The long awaited maturation of e-ink technologies has sparked an uptick in e-book sales. As I have discussed elsewhere, while there is an uptick in sales of electronic books, paper still dominates our world in terms of published and consumed books. While the growth of e-books is exponential, rising from 1.5% to 5% of the book market in 2010, it is still small. To date disposable publications, such as newspapers, have suffered much greater incursion in the digital environment, and are not as dependent on specialized e-ink technology. That is, websites and smartphone applications give us access to news stories and events in digest form with supplements via color photos and videos.
E-books are a more specialized technology. To understand on the pros and cons of e-books, it is important to understand the particular uses from the point of view of the user. Two illustrations help to clarify what I mean. If you read history, romance or mystery novels on airplanes to pass time, e-books present tremendous advantages over paper novels or books loaded on your PC. You can load more books than you might read in a month, read them in any level of ambient light, easily manipulate them in an airplane seat, or hotel pool deck, and have a very long battery life and low luggage weight. If, on the other hand, you are writing a research article in which you need to copy passages from a number of relevant articles, they are less useful. In this latter situation, you need to quickly compare passages in multiple documents or write a passage as you read. It may be very important to be able to scan lots of material simultaneously. E-books have been targeted toward casual readers who are focused on one document at a time and focused on reading more than annotating. With this overall determinant in hand, we can look more specifically at the pros and cons of e-books.
Data density: Because an e-book can hold the equivalent of hundreds of paper books, the data density of e-books, both in terms of volume and weight is much greater than paper equivalents.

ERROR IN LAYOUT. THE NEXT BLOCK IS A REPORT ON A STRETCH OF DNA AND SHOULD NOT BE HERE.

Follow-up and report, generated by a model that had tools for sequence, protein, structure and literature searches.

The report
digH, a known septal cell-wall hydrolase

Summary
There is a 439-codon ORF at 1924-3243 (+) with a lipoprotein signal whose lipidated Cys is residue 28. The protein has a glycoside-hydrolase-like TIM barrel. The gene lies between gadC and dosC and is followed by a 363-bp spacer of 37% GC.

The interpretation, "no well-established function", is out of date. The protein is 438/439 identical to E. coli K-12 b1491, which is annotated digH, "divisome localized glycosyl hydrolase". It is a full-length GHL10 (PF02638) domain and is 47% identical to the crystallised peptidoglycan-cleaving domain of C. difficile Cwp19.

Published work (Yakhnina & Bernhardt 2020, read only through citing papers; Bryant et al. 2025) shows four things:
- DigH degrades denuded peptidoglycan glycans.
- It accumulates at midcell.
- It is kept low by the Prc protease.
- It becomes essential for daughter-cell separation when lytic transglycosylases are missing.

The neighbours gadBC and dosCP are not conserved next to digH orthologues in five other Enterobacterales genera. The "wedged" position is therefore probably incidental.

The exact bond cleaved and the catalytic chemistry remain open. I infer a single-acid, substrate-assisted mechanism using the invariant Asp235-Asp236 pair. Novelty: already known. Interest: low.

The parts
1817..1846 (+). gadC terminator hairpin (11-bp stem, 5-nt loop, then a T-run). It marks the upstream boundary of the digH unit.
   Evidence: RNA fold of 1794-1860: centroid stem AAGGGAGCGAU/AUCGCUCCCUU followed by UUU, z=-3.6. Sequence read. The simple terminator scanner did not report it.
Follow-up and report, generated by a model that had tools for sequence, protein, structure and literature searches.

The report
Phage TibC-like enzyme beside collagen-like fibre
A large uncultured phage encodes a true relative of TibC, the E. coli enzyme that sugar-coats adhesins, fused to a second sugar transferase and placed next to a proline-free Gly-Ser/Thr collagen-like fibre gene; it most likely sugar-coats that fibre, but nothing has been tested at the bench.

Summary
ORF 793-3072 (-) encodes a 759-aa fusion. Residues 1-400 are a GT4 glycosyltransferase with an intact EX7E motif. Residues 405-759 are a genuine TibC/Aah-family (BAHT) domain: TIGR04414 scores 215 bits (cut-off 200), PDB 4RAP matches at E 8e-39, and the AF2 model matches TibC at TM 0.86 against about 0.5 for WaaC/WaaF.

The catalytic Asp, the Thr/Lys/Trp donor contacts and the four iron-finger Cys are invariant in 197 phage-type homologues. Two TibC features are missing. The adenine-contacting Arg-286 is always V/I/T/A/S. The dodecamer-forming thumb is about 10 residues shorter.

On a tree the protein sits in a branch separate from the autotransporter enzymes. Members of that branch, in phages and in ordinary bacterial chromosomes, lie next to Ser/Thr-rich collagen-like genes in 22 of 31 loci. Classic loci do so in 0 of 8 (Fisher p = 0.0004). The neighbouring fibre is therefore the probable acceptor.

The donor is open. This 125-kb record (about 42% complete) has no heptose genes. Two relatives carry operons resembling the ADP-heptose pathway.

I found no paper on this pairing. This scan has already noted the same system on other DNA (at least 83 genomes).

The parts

Marginal cost: The cost of e-books is significantly lower than the cost of paper books. Even when the cost of power and infrastructure are considered, there is a reasonable cost trade-off for e-books versus paper books.
Green sensitivity: While there is growing awareness about the environmental cost of the materials, batteries and electronic circuitry used in digital devices, it appears that overall e-books will be more environmentally sensitive than paper books.
Display and power: Under normal conditions, resolutions of more than 480dpi are lost on most humans. In this respect, e-books, with a screen resolution of about 170dpi still lag behind paper, but not far. What is important is that the display is passive, like paper, not active like a PC, and thus provides more comfortable reading behavior in almost all light levels. The power consumption, compared to PC’s, is miniscule allowing for long battery life from minimal battery weight.
Digital Services: Like all digital devices, e-books provide a plethora of free add on services that can make reading much more pleasurable. These include access to a dictionary to find word definitions, bookmarking, linking one section to another, searching entire books for words or phrases, translation to other languages, and internet access for all sorts of lookups. These services will only increase with time.
Hardware Dependence: E-books are one more piece of specialized hardware on which we are dependent. For all practical purposed they are dedicated to reading and not only must we purchase the device and amortize the cost, but we have to remember to charge it, replace it if it breaks, and make sure we don’t forget to carry it whenever we might want to use it. Hardware dependence is further complicated by data dependence.